Features Going In Restaurants Video

The 5 Dishes You Absolutely Have To Try At Tim Ho Wan, The Michelin-Starred Dim Sum Spot

Tim Ho Wan has garnered an international reputation as a Michelin-starred dim sum spot. Naturally, when one opened up in Irvine, California, just outside the Foodbeast backyard, we had to go see what the deal was with this renowned restaurant.

As part of our research into Tim Ho Wan, myself and fellow Foodbeasts Reach, Marc, and Elie embarked on a dim sum version of Going In, where we eat the entire menu, rate it, and pick the top dishes to try.

After sampling all of the food Tim Ho Wan had to offer, and some contentious culinary debates, we narrowed it down to the below five dishes that are a must whenever you pop in to this dim sum legend.

Braised Beef Brisket with Rice Noodles

The braised brisket is pull-apart tender, and the broth is light and savory while still delivering big on flavor. The chunks of daikon radish inside offer an interesting texture as well. Of all of the noodle dishes we had, this one was the most filling and captivating.

Baked BBQ Pork Buns

Tim Ho Wan’s signature dim sum dish, these buns are light, flaky, and airy all at once. The sweet barbecue pork plays into all of that nicely, and the dish almost feels like a pastry more than a bun.

Deep Fried Eggplant with Shrimp

This was a sleeper on our list, but the combination of the eggplant and the juicy shrimp was one that was a pleasant and unexpected surprise.

Pan Fried Turnip Cake

A dim sum classic, these pan-fried turnip cakes come loaded with dried shrimp and cured Chinese sausage, which has a sweet yet deep flavor to it that permeates the entire slice.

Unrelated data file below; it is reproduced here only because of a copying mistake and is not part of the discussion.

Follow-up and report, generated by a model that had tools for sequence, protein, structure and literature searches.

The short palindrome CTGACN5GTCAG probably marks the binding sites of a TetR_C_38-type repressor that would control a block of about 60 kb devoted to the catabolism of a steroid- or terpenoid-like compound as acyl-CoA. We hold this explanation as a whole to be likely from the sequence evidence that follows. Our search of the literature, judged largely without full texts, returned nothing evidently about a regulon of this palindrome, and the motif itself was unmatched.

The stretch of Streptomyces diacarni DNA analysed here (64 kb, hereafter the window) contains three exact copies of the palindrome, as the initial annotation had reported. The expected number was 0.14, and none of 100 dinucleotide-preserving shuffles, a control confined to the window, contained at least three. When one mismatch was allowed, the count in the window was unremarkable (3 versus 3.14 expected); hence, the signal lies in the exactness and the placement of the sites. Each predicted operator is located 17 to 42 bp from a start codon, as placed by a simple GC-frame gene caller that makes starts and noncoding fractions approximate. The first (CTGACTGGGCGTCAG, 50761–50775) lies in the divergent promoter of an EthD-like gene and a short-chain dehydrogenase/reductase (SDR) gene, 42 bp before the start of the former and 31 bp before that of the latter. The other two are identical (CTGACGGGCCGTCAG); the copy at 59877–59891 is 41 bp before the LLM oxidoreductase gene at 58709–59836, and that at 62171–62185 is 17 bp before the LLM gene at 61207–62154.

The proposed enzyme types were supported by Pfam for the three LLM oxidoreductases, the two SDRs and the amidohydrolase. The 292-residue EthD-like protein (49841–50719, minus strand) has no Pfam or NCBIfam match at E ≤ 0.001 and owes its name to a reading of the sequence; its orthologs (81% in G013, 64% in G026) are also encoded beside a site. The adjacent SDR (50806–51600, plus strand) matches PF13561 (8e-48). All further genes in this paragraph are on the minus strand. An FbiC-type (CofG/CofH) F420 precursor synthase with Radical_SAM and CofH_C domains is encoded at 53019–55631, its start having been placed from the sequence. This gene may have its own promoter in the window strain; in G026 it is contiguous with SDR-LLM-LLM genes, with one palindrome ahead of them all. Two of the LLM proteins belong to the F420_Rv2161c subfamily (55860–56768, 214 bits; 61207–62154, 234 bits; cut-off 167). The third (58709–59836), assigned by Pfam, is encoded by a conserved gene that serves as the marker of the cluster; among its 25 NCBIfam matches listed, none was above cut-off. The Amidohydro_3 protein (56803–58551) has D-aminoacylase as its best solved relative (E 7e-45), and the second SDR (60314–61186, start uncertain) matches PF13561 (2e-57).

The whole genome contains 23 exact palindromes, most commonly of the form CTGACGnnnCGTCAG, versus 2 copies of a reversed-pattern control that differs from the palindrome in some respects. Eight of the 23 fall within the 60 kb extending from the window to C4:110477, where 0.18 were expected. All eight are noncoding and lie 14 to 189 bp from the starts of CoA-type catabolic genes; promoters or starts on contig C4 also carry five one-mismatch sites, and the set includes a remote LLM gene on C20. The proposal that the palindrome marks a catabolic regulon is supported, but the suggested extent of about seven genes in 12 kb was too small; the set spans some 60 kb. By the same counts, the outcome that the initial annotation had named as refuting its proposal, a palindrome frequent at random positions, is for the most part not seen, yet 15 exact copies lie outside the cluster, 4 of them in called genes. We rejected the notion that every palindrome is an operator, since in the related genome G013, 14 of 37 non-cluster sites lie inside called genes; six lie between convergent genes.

Deep Fried Silky Milk Sticks

Nobody at the table had seen anything like these milk sticks before. They were like deep fried rectangles of panna cotta, a welcome and enjoyable end to the meal.

Of course, we all had other favorites that didn’t make it into this top five (including Tim Ho Wan’s famous rice rolls with BBQ pork), but the above five represent our unanimous can’t-miss dishes.

To see how we felt about the entire Tim Ho Wan menu, you can view the full episode of Going In above.

Culture Feel Good Restaurants

A Used Car Dealer In Japan Earned A Michelin Star Selling $7 Ramen Bowls

When you think of Michelin star food, images of fancy white tablecloths, elaborate tasting courses, and hefty prices likely come to mind. What you probably wouldn’t expect is that one of these prestigious culinary honors would be given to a man selling ramen out of his used car dealership.

Stock Photo by Peter Pham//Foodbeast

That just happened to Katsumi Yoshida, whose Hot Air ramen concept, run out of his auto shop, just received a Michelin star in the most recent edition of the Tottori, Japan guide. Yoshida’s ramen typically sells for about 800 yen, or $7.10 US Dollars, placing it in the “Bib Gourmand” category of restaurants delivering top-notch quality and service for under 5000 yen ($44.39 US).